Access to the internet is a vital part of a nation’s economic and social life. Yet with web issues hitting Syria again, and Egypt's connectivity problems earlier this year when divers sabotaged an undersea cable, countries are at risk from being cut off entirely.
With this in mind it’s tempting to ask: could the UK ever lose its internet connection and, if so, how would it happen? Thankfully, such a situation appears highly unlikely.
The first line of defence is the fact that the UK has scores of firms with a vested interest in keeping the lines of communication in and out of the country open, as Axel Pawlik, the managing director of internet organisation RIPE NCC, explained to V3.
“The UK’s open and competitive market means it would be relatively difficult to disconnect the country from the internet. The series of interconnected networks means that, like water in tributaries going towards a river, data will always find a way to its destination,” he said.
“Organisations critical to the consistent performance of the internet have multiple instances of their servers to improve performance and protect against attack – security measures even include using nuclear bunkers to physically protect the technology.”
Similar analysis from global network monitoring firm Renesys also shows the UK to be well placed, listing it as ‘resistent’ to any attacks due to the number of connections in and out of the country.
“If you have more than 40 providers at your frontier, your country is likely to be extremely resistant to internet disconnection,” wrote James Cowie, the firm's chief technology officer, in a blog post.
“There are just too many paths into and out of the country, too many independent providers who would have to be coerced or damaged, to make a rapid countrywide shutdown plausible to execute.”
Akamai Technologies’s David Belson concurred with these assessments, and noted the nature of Syria’s control over the internet makes it far easier to shut down access.
“Within Syria, the Syrian Telecommunications Establishment is associated with the country’s government – as such, government pressure to sever international connectivity needs to be placed on a single provider, making it much easier to effect,” he said.
“Within the UK, there are a number of connectivity providers, as well as more than half a dozen Internet exchanges, and no single government-affiliated telecommunications monopoly.”
All this means that if any rogue states, or Bond-level super villains, did want to take the UK offline, it would require a serious logistical effort, and a small army of hired goons (no doubt wearing garish jumpsuits) to carry out a plan of Hollywood-level daring.
“The options for taking UK servers offline would fall into broad categories of either physical or digital-based attacks,” explained Pawlik. “Taking out multiple instances might slow things down and reduce the quality of the customer experience, but given how established the internet infrastructure is in the UK, it would take a massive co-ordinated attack of both physical and digital nature – magnitudes bigger than any previous attacks ever seen – to take out all servers on our shores.”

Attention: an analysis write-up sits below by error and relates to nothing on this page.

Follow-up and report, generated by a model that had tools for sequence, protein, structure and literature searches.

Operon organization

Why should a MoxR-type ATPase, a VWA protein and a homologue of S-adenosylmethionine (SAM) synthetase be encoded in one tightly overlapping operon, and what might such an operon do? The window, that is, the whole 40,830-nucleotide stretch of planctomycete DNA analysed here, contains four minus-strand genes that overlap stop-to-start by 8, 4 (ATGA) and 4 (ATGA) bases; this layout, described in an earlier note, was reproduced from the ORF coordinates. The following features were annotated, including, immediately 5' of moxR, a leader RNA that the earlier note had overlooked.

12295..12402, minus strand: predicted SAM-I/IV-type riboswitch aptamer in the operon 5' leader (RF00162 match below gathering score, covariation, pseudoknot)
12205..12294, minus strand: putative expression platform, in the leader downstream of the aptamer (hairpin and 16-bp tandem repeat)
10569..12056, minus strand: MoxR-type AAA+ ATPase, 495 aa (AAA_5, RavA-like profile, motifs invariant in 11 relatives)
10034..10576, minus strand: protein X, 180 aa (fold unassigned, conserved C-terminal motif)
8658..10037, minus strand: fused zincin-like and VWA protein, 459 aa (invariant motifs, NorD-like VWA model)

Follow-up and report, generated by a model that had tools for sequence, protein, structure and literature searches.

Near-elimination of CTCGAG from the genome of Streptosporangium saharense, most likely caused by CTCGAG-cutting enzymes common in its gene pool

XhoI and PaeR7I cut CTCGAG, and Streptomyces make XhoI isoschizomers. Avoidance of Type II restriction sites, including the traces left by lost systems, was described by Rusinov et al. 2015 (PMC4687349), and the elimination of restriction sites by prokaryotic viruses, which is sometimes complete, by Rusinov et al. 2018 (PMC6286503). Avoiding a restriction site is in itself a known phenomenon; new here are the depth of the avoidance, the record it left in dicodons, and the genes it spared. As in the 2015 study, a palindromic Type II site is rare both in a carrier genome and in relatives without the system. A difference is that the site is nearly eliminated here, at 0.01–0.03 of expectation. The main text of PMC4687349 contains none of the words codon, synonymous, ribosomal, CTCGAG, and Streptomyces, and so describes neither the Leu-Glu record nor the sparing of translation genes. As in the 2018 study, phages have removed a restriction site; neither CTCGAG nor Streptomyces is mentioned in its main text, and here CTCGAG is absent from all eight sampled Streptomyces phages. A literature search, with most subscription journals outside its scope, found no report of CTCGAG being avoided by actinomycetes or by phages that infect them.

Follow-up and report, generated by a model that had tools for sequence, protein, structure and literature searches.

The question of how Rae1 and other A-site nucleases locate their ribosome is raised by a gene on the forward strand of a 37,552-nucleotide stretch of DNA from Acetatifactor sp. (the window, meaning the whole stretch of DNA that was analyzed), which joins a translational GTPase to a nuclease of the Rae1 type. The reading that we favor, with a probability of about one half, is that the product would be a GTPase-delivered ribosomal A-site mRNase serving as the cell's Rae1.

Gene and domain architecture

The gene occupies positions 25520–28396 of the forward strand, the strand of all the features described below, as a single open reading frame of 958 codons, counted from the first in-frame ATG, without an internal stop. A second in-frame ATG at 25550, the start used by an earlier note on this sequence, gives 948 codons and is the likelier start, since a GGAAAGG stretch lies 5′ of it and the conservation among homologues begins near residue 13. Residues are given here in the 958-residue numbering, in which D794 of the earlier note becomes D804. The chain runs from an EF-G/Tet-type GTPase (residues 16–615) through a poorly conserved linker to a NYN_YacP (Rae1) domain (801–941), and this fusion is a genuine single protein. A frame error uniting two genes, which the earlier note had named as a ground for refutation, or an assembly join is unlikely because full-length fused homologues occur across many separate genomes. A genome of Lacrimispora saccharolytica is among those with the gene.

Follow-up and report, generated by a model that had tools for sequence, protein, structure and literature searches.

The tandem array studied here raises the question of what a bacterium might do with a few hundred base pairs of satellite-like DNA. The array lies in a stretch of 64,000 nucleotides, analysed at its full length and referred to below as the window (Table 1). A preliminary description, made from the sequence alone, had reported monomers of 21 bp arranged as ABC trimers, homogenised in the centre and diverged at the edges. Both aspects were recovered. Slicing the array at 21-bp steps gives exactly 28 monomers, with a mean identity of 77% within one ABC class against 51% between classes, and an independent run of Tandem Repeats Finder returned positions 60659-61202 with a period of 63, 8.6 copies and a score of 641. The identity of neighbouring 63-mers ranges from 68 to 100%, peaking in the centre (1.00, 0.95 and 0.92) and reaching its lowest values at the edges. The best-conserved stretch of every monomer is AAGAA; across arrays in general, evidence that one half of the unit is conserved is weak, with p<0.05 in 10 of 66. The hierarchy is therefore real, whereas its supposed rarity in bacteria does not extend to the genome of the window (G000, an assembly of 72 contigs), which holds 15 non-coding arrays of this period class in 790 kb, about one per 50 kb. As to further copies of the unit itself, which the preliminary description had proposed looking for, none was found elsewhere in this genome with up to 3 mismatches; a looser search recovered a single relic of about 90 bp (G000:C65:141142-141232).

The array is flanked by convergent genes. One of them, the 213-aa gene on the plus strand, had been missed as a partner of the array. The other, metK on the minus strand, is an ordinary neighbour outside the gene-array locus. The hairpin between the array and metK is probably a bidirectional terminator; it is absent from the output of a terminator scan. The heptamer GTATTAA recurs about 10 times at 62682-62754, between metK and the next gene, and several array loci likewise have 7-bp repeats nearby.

Even then, our megalomaniac felon may find his efforts thwarted. “The UK is established enough to have multiple internet connections to the rest of the world, via satellite and undersea cables,” added Pawlik.
However, as noted, Egypt was affected by attacks on its undersea cables, and its not unheard of for ships to accidentally severe cables. Here again, though, the UK is well placed to withstand such assaults.
“For the UK to lose touch with the rest of the world, all of these links would need to be severed at the same time,” Pawlik added. “There are more than 50 undersea cables connecting the UK to the rest of the world, so attacking them all at the same time would prove to be hugely complex.”
So it appears our sceptered isle is safe from the catastrophic impact of a major web outage. This is no doubt a relief to the government, businesses and the public, and we can all sleep a little easier at night knowing the web and all its wonders will be there for us when we wake.
But while the UK can perhaps breathe easy, the Syrian and Egyptian issues have shown that many nations aren't so lucky.
Pawlik added: “Where internet access is dependent on a single ISP, sole international connection or even reliant on one top level domain, it is much easier for an attack to succeed, removing the services people and businesses have come to rely on."
Indeed, Renesys lists 61 countries as being at 'severe risk', and 72 at 'significant risk,' from losing internet access (see image below). No doubt issues like those in Syria and Egypt won't be the last time a country disppears from the internet.
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